By Erica Hellerstein
Janet Magallanes remembers the first time she sat her children down and explained to them that their father, who is undocumented, could be deported.
“They were in a state of shock. Depressed and sad,” she says, sitting with her husband on a plush beige couch in their comfortable home in San Jose, Calif. “They said, ‘How is it possible that they could take daddy away at any moment?’ For us, it was tragic to explain. And for them, such an enormous problem to understand, in their little heads.”
Magallanes has long, honey-colored hair that’s freshly streaked, and a soft smile that brightens when talking about her youngest daughter, who flops around the house in light pink sandals and a floral-printed dress.
At age 17, her husband moved from to California from Mexico – over two decades ago — and has spent many of his most formative years on U.S. soil. In his spare time, he listens to NPR and likes to read – the bookshelf in their living room is stockpiled with English and Spanish titles, ranging from Life of Pi to The Secret of the Sierra Madre.
“If my husband left, it would be fatal,” Magallanes says. “If we want healthy communities, we need to have healthy children.”
According to a recent report published by the nonprofit public health organization Human Impact Partners (HIP), the anxiety and stress of having an undocumented parent can have profound and lasting consequences on children’s physical growth and development, sense of self, and ability to thrive in the classroom.
“They’re basically just waiting for the other shoe to drop,” said Lili Farhang, the co-director of HIP and one of the report’s authors. “So many of them are living in a heightened state of anxiety all the time.”
If her husband is deported, “our lives will change drastically,” Magallanes says. She speculates that the family will move to a smaller house in a shoddier neighborhood; too far away for the kids to continue attending the bilingual, “college-bound” charter school they’re currently enrolled in. Her children, she says, often beg their father not to drive –for fear he’ll be pulled over– and pray for him every night.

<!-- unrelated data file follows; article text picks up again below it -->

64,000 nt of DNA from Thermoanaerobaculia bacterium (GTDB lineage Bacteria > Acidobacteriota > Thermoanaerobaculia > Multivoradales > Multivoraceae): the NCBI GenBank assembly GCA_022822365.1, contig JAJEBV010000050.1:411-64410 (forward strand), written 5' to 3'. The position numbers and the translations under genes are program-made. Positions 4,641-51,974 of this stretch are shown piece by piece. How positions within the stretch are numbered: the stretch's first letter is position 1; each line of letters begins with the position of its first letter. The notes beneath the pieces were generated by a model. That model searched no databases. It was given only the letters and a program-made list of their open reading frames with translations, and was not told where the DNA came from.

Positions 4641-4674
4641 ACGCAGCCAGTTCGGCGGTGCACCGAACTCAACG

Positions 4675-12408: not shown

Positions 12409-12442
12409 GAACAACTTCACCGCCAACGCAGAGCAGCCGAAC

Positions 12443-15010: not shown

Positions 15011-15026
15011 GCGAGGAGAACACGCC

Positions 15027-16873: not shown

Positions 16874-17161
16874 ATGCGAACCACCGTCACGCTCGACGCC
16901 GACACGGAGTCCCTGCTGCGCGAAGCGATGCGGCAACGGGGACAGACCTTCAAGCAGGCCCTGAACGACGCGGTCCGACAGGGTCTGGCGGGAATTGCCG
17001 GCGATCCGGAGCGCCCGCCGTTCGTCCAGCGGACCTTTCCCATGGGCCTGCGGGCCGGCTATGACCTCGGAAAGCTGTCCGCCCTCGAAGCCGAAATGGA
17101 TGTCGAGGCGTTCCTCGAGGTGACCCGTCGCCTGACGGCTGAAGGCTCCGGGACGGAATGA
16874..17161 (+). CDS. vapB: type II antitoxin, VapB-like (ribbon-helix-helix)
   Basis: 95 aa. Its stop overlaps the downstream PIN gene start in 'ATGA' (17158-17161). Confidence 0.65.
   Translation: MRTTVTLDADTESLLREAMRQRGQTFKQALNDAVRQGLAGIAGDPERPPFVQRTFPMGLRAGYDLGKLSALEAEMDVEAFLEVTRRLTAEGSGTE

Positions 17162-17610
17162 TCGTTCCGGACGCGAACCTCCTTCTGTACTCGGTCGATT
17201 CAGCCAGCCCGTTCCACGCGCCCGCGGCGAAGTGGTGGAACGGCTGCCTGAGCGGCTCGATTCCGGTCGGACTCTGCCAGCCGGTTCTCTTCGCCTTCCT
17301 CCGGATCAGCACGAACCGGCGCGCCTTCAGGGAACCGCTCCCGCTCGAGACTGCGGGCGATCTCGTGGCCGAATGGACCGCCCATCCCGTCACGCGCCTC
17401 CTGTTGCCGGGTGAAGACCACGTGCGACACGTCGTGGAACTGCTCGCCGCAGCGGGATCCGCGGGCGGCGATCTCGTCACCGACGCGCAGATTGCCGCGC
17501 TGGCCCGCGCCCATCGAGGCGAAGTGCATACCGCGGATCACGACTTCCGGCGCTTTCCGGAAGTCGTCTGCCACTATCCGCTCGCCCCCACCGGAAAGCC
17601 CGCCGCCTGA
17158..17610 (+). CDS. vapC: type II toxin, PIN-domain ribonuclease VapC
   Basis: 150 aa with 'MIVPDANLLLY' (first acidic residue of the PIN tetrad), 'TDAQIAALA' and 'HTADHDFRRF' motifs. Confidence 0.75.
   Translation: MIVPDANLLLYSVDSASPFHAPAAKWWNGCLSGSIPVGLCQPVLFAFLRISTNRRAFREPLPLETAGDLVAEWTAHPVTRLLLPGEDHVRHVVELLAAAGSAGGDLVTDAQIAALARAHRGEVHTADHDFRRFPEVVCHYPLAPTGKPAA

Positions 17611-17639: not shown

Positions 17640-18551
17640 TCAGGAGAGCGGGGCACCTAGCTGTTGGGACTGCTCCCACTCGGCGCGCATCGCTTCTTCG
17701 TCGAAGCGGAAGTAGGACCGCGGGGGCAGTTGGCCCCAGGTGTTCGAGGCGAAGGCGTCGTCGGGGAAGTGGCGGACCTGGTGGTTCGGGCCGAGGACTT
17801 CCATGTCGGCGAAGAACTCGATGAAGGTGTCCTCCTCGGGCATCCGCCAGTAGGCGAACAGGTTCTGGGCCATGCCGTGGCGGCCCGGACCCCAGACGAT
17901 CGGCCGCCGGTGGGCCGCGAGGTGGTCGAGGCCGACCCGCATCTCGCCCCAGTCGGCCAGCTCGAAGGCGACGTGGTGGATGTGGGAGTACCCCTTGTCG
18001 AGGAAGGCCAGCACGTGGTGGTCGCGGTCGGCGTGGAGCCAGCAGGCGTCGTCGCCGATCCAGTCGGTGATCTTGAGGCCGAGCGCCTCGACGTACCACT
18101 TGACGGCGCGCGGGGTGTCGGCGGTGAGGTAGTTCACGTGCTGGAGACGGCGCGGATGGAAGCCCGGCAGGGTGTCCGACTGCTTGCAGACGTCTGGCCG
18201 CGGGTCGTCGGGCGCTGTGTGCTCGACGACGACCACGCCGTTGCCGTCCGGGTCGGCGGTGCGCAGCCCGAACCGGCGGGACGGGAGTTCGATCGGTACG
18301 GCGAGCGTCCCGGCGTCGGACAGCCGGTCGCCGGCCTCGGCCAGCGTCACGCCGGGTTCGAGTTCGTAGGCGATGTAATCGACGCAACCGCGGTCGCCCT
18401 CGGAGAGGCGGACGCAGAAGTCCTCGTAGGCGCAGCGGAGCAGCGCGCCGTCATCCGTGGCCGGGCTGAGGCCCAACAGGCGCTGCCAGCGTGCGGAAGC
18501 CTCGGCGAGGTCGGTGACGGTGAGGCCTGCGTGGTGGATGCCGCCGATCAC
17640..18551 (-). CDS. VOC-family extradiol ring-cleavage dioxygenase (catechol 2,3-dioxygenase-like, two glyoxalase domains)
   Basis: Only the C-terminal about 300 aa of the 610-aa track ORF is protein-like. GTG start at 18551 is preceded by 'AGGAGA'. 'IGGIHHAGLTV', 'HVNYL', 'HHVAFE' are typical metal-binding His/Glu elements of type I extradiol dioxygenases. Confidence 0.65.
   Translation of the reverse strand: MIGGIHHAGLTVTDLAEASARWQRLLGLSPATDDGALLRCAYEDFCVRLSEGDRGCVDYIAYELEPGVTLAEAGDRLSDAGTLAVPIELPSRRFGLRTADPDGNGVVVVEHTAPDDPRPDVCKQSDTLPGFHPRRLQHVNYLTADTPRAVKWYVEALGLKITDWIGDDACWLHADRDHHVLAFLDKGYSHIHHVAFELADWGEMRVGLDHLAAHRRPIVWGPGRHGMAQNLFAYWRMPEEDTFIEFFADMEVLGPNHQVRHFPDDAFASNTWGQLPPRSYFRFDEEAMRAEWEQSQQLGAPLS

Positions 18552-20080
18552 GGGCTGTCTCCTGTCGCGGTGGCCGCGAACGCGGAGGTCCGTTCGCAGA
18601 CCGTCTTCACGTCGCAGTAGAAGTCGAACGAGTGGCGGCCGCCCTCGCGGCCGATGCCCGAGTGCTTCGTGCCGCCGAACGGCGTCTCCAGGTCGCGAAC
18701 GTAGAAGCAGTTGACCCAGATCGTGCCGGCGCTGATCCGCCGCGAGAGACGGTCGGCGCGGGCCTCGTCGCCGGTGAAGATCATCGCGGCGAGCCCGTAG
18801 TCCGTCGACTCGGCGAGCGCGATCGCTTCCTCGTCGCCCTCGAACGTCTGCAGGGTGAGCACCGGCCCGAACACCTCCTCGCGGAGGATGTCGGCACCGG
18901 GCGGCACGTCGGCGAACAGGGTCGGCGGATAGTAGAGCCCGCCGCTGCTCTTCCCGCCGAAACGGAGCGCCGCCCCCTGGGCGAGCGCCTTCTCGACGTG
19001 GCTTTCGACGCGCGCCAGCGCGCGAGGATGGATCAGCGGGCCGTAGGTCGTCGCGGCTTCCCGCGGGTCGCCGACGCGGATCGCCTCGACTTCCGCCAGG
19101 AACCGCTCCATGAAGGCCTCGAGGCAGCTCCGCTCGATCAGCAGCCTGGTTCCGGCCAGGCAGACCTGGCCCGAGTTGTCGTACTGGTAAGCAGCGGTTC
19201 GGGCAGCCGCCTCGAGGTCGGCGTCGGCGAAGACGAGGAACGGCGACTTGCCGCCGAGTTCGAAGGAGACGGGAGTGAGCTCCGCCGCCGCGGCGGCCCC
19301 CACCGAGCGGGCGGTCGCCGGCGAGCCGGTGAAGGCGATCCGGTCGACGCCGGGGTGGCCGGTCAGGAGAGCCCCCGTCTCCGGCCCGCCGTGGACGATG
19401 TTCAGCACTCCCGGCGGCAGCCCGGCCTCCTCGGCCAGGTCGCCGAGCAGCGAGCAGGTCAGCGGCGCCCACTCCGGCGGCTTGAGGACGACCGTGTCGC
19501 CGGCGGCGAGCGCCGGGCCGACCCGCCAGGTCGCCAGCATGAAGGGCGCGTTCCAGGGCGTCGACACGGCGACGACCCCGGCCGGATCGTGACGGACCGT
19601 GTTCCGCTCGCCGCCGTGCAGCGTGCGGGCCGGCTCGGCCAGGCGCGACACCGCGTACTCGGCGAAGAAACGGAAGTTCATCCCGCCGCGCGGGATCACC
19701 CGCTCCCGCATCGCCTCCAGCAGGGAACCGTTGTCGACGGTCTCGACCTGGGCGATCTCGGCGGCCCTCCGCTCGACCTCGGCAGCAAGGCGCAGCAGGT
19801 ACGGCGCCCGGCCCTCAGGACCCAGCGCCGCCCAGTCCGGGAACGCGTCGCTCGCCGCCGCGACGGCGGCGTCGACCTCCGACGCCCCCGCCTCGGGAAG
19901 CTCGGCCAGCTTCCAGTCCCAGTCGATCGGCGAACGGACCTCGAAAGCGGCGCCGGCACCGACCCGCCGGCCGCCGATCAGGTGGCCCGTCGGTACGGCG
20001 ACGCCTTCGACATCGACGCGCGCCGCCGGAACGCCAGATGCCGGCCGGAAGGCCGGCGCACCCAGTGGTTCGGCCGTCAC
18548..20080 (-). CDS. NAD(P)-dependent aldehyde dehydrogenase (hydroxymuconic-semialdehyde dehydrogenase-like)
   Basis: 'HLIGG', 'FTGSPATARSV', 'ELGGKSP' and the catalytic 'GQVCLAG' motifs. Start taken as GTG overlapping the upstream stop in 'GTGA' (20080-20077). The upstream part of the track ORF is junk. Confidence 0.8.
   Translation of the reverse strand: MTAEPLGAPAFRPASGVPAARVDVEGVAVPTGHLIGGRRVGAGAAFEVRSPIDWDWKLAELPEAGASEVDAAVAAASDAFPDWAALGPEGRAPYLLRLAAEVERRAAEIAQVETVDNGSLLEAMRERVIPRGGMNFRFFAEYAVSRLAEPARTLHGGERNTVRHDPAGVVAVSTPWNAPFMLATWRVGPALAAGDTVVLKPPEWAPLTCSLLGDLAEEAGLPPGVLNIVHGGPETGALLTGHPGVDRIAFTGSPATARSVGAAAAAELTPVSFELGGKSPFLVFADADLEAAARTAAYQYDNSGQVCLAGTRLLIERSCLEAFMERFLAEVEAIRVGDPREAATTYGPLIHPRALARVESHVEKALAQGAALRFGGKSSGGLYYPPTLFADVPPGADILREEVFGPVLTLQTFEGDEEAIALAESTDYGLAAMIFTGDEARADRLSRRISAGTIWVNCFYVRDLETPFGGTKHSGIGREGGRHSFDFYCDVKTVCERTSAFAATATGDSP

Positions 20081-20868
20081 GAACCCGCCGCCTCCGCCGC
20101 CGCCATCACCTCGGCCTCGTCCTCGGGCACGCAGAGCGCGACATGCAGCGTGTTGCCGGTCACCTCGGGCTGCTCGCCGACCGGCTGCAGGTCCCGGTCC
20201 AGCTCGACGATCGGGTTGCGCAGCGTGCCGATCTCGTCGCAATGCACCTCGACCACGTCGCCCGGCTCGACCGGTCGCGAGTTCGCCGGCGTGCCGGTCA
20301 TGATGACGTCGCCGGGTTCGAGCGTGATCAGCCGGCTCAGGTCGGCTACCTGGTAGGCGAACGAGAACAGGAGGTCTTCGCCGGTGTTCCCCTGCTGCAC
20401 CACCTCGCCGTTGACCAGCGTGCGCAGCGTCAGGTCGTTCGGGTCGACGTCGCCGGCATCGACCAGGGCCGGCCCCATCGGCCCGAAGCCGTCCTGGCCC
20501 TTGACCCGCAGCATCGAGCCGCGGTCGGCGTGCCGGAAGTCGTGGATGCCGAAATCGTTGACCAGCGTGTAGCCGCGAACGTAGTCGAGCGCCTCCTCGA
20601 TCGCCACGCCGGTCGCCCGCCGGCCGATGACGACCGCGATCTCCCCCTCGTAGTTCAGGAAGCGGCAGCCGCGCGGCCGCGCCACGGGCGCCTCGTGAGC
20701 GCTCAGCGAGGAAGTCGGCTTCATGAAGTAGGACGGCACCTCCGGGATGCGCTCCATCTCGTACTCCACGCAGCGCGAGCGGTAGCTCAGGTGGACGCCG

The persistent and lingering fear the Magallanes are subject to — that a loved one could be deported at any time — impacts the mental and physical health of families, as well as the economic vitality of the communities in which they live, according to the report.
“Deportation policy creates a climate of fear and paralysis in communities,” the report said. “People are afraid to drive, afraid to use parks and exercise outdoors, afraid to use public services like clinics, and afraid to get involved in their communities.”
In the past 15 years, over 600,000 U.S. citizen children been separated from one or both parents as a result of detention or deportation, with 150,000 in the past year alone, according to a report by the National Council of La Raza and the Urban Institute, Last year, the report said, the U.S. spent over $1.2 billion on deporting the parents of children who are U.S. citizens, most of whom are under age ten.
Another study – “Shattered Families,” a report by the Applied Research Center (ARC) – explores the intersection of immigration enforcement and the child welfare system. It found that there are roughly 5,100 children living in foster care whose parents have been detained or deported. It also noted that families are more likely to be separated in places where local police “aggressively participate in immigration enforcement,” further breeding the climate of fear and apprehension amongst immigrant communities.
According to HIP’s report, these children will likely suffer from the trauma they experienced for the rest of their lives.
Daniela, an undocumented immigrant with two daughters, described in the HIP report how her family reacted when her cousin was deported.
His children “were very badly traumatized when he left,” she said. “[The girls] didn’t understand why they had to take him away and why he left just like that. I observe that [one of them] is much different, very unsettled. She is “gone” for the reason that her father is gone . . . She was very happy, very attached to her father and now, she is not the same, no longer attached.”
The report speculates that if deportations remain at 2012 levels, children will have worse health and behavioral outcomes; adults will suffer from poorer health and shorter lifespan; and families will have higher rates of poverty and less access to food.